“However, I don’t claim to be 100 percent innocent in the eye of the law,” he says. “What I intend to show is that the notion of guilt may not always be black or white. I returned the money to the client when I had some doubts about the source of funds. We asked for more information before accepting new money and we were arrested at the meeting where this information was supposed to be provided. The law says that Clover should have contacted the authorities instead of returning the funds; we didn’t. Therefore, we were guilty. However, I didn’t charge the fees associated with criminal activities and I didn’t have criminal intentions. On those terms, past judgments would say I was innocent. You make your call.”
Asked whether he was aware that the funds were probably not declared to the authorities and that he was potentially facilitating a tax crime, he agrees. However he adds that this is the foundation of many services in the Cayman Islands. After all, it is the taxpayer who is responsible for declaring their assets for tax purposes, not the service providers.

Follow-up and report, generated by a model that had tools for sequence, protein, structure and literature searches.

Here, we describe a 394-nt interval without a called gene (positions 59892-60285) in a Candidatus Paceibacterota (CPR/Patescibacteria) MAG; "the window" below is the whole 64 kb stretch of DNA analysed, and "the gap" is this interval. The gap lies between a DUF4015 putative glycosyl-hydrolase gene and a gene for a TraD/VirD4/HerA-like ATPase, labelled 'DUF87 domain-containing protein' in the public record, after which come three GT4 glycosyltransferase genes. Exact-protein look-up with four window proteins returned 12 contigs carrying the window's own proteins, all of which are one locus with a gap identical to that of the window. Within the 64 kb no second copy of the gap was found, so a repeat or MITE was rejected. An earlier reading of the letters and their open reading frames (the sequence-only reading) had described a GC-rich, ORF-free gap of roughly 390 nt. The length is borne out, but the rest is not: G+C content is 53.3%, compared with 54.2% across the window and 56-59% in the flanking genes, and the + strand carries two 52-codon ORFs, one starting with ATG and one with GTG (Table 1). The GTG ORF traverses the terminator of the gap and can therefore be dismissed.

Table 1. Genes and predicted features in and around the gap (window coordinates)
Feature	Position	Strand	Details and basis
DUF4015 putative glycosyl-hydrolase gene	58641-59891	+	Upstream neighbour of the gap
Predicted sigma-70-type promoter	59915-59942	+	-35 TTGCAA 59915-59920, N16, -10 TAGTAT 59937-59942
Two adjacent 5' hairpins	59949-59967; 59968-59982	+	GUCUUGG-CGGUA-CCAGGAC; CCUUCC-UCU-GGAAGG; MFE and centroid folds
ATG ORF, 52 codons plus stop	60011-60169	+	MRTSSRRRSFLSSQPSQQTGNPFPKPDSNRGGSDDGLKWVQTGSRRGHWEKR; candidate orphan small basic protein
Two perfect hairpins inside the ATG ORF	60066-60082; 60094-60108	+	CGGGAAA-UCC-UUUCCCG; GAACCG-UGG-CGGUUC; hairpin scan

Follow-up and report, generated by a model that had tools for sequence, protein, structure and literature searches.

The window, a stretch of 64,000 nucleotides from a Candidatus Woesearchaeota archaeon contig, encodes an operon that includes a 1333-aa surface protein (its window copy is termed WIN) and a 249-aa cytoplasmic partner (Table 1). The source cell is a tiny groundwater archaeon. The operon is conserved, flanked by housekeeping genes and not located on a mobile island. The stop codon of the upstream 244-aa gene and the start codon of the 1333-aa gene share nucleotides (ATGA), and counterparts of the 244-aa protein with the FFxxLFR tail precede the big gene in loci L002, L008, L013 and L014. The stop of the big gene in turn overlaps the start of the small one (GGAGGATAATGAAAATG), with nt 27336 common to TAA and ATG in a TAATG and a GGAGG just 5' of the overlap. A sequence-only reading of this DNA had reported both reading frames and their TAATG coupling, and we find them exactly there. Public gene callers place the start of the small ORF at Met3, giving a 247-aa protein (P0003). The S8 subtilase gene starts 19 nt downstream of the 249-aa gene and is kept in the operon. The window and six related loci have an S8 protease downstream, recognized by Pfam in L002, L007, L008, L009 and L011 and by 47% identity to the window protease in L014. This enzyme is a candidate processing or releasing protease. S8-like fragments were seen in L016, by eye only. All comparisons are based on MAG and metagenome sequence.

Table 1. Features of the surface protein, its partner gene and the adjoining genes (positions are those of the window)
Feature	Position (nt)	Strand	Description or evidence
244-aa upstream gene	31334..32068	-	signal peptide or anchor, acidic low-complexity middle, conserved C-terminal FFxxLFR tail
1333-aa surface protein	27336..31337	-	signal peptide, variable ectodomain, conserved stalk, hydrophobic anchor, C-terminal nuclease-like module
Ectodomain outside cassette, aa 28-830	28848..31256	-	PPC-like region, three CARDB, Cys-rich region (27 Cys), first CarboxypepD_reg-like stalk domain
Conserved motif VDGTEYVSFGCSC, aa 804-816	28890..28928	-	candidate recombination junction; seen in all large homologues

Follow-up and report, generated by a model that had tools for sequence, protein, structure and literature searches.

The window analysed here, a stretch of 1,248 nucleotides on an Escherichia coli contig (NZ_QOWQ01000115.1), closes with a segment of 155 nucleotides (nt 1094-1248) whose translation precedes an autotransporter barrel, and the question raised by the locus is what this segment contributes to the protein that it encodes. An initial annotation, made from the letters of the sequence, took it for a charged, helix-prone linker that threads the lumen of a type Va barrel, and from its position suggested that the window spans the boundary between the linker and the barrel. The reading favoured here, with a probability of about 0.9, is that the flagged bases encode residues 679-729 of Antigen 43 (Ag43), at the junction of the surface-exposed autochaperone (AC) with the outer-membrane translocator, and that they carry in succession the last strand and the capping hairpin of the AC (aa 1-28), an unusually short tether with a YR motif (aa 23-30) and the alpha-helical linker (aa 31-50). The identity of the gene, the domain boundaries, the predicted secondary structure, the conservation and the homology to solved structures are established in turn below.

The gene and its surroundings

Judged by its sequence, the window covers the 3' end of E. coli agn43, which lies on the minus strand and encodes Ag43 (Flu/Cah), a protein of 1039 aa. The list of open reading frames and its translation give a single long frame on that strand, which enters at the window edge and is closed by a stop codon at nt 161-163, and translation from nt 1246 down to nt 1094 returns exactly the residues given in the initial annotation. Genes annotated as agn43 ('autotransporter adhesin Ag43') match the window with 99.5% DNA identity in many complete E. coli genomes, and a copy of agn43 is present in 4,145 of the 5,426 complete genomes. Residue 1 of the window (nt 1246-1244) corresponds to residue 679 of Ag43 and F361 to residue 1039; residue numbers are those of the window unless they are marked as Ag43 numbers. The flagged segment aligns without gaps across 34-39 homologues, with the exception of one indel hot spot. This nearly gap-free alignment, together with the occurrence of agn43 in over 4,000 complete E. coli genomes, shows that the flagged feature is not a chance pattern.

St-Cyr claims he did not know that the $2 million he was supposed to invest was coming from a purported bank fraud – he says it was his colleague who was told about the origin of the funds – but he acknowledges that discussions with the clients held during their visit to Cayman in January 2014 gave him “a bad feeling” about the source of funds.
He showed the Journal an email sent by Poulin to the clients days before the fateful Miami meeting, requesting additional information about the source of the funds, other KYC documents needed to process the money and the completion of a client third party transaction disclosure form.
“In general, I would appreciate you also providing me with further information regarding the failed development (name, place, principals) so I can have a better documented file moving forward,” Poulin wrote to the client.
“Finally, as I mentioned over the phone, I want to make clear that we are not providing any U.S. tax or legal advice. We are assuming that you have American advisors for that part of the matter. Our role is limited to matters of local law,” he added.
People who want to keep their money offshore want to do so for a reason. The question is the legality of it, says St-Cyr, as he repeats the well-known bon mot: “The only difference between tax planning and tax evasion is a good lawyer.”